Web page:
Fridge Horror

  • When Odo meets another one of the 200 he has already infected his people with the disease, he melds with this new changeling who then goes on his merry way and is never heard from again...
    • That's because it died in that very same episode.
    • Well, it never existed. The timeline was collapsed. That's... different from dying, right?
    • The changeling referenced in the first line is Laas from Season 7. The above two lines are referring to two different Season 5 episodes. Laas and the disease are a loose end on the show itself, though the Star Trek Deep Space Nine relaunch establishes that Laas made his way into the Great Link and got cured.

Fridge Logic

  • The Defiant came into play because the producers realized that after introducing The Dominion in season two, it made no sense that the only defense Deep Space Nine would have was itself and three Runabout shuttlecraft, even before the first open conflict at the ending of season two.
    • This was also the point when Starfleet began to quietly upgrade DS9 into a station that could fend off a Klingon fleet of more than fifty ships in Way of the Warrior. This from a station that was overwhelmed by just three Cardassian warships in the pilot.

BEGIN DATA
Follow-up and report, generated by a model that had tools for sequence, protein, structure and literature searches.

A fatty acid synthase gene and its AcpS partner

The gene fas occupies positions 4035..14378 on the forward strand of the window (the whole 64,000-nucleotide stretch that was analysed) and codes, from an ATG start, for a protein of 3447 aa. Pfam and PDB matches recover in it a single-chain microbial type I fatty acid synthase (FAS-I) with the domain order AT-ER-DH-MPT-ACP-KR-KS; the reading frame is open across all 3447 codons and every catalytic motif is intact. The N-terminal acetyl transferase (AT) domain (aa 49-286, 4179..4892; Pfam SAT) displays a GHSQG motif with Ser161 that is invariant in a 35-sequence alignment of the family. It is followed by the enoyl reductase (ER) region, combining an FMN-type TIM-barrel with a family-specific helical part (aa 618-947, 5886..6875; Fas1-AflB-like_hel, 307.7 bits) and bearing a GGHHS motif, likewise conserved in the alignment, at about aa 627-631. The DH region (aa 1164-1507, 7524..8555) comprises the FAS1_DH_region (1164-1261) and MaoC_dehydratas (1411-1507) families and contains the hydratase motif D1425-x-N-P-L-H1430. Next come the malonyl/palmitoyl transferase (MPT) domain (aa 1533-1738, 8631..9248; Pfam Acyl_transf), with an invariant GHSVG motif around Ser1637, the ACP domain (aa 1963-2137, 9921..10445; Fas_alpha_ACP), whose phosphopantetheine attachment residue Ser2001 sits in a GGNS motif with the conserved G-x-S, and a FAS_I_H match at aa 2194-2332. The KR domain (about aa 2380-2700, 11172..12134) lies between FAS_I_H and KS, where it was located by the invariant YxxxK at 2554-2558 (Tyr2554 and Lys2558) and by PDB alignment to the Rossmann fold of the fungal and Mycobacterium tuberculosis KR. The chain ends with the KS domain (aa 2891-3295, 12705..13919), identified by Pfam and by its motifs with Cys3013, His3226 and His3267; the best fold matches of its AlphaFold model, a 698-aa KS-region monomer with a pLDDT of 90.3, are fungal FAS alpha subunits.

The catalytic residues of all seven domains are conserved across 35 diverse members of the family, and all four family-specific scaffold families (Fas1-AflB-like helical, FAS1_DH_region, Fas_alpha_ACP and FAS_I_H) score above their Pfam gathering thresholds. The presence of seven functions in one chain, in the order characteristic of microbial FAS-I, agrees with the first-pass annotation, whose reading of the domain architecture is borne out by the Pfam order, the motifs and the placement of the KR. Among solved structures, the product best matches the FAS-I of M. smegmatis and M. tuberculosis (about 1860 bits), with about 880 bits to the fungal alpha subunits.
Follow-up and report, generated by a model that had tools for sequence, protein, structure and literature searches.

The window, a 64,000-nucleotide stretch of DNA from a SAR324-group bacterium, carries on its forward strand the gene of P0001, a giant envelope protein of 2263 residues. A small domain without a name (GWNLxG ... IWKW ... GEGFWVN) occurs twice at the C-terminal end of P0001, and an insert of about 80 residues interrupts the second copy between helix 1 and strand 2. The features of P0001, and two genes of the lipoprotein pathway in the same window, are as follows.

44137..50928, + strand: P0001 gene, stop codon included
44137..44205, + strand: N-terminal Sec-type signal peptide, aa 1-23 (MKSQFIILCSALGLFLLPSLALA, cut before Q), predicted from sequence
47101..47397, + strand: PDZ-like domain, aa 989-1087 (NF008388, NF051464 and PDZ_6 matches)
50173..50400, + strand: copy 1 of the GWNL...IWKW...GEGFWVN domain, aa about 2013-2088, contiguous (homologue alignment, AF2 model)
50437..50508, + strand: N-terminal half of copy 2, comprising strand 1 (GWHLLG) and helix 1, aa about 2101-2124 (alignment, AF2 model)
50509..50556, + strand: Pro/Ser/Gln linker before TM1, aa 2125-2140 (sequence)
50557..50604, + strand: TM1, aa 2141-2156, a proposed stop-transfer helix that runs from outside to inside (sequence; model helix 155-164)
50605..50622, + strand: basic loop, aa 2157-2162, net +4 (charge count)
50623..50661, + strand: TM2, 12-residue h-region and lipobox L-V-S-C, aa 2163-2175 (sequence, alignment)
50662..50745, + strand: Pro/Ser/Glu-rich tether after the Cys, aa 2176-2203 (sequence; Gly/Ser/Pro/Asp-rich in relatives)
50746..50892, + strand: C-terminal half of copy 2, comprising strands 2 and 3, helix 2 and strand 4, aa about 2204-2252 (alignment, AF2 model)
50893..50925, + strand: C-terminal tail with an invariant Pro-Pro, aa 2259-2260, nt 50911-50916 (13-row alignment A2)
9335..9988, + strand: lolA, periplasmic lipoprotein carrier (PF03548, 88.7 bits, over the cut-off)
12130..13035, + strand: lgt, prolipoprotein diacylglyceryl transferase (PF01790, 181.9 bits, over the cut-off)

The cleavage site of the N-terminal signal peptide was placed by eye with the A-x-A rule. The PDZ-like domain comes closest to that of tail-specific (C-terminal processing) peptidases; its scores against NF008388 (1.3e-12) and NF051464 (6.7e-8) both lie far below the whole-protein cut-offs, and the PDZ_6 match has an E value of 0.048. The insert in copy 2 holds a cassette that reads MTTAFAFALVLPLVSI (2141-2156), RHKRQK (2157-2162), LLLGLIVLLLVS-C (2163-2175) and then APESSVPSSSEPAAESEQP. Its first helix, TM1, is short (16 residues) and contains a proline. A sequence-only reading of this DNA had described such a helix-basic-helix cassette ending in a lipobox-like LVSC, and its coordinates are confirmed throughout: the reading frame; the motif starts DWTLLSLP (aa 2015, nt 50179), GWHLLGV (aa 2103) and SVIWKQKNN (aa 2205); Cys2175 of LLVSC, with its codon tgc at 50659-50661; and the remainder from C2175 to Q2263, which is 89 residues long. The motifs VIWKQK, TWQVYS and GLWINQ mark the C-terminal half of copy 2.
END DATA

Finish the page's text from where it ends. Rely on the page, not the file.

• Another example: Worf was reassigned to the station after the destruction of the Enterprise-D in Star Trek Generations. This meant that the writers needed to come up with a reason -- any reason -- to have Worf present on the Enterprise-E for his subsequent appearances in the Next Gen movie franchise. Star Trek: First Contact gives a reasonable explanation. Star Trek: Insurrection blatantly Hand Waves his presence at the beginning of the movie: he begins to explain what he's doing there before Riker starts talking over him. Finally, in Star Trek Nemesis -- which is set after the Deep Space Nine finale, in which Worf resigns from Starfleet and becomes the Federation Ambassador to the Klingon Empire -- Worf is on the Enterprise-E, in Starfleet, as a member of its crew, with no explanation at all[1].
    • Perhaps Insurrection takes place between episodes of Deep Space Nine during Worf's brief vacation from the station in an attempt to be very far away from Keiko O'Brien during her pregnancy (Which didn't last long anyway, but Worf wouldn't know that until he got back).
      • The pregnancy was two years past by that point - Insurrection occurred in Season 7, Kirayoshi O'Brien was born in Season 5.